Daniel Joseph Martinez, ‘Teltow Channel close to the Dreilinden roadhouse. The Teltow Channel, (German: Teltowkanal)  is a canal that lies in both the states of Berlin (south) and Brandenburg, and at points forms  the boundary between the two. Hidden away near the Teltowkanal is the old border control point  and roadhouse Dreilinden. The area is part of a nature reserve. Nearby is a bridge across the  canal which was divided by a piece of wall during the GDR period, making it impassable.’, 2017, Roberts Projects

About Daniel Joseph Martinez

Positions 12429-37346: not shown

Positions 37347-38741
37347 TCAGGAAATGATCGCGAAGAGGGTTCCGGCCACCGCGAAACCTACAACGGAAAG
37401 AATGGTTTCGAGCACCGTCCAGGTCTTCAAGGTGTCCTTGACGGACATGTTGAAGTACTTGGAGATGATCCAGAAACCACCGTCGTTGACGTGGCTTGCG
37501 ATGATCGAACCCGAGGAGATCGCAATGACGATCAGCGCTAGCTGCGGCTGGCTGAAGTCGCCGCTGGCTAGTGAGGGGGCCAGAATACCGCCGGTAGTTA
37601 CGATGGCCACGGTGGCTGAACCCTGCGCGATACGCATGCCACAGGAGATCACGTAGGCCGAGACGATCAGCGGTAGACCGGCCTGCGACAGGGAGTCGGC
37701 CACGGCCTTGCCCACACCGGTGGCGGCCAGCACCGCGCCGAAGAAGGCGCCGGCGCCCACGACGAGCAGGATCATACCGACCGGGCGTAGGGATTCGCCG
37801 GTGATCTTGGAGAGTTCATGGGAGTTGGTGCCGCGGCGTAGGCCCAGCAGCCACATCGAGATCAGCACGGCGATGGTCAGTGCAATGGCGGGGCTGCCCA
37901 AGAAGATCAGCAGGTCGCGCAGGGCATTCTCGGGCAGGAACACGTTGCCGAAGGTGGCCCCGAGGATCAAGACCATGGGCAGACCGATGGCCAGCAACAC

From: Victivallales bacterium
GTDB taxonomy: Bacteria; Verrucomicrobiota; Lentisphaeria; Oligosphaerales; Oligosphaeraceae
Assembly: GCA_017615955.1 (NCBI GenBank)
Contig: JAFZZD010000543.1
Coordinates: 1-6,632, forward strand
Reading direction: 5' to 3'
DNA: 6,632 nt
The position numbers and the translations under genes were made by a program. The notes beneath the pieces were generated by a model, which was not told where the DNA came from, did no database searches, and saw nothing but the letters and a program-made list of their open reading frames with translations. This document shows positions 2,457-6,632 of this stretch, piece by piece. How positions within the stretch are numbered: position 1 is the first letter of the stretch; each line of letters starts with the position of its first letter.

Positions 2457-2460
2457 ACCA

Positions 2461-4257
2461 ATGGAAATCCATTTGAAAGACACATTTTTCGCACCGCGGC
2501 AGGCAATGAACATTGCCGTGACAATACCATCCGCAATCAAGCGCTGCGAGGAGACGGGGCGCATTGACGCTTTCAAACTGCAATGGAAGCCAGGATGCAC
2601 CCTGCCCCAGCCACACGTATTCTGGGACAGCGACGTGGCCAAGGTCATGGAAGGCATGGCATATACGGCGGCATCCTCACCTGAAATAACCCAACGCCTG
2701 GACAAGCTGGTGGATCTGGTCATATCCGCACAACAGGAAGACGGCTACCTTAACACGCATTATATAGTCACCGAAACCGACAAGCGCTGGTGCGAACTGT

Using text, image, sculpture, video, and site-specific street performance, provocateur Daniel Joseph Martinez investigates challenging issues about America’s social architecture, democracy, capitalism, and the relationship between personal and collective identity. “I’ve always embraced a means to open debates, as part of a method to allow art to become an active agent of the possibility that ideas can infect our daily lives,” Martinez explains. “This usually leads to some form of controversy in the work.” For the 1993 Whitney Biennial, Martinez created new text for the museum’s admission badges that read “I Can’t Ever Imagine Wanting to Be White.” At the 2008 Biennial, he presented Divine Violence (2007), which consisted of 125 panels, each painted with the name of an organization that used violence to effect political change.

American, b. 1957, Los Angeles, California, based in Los Angeles, California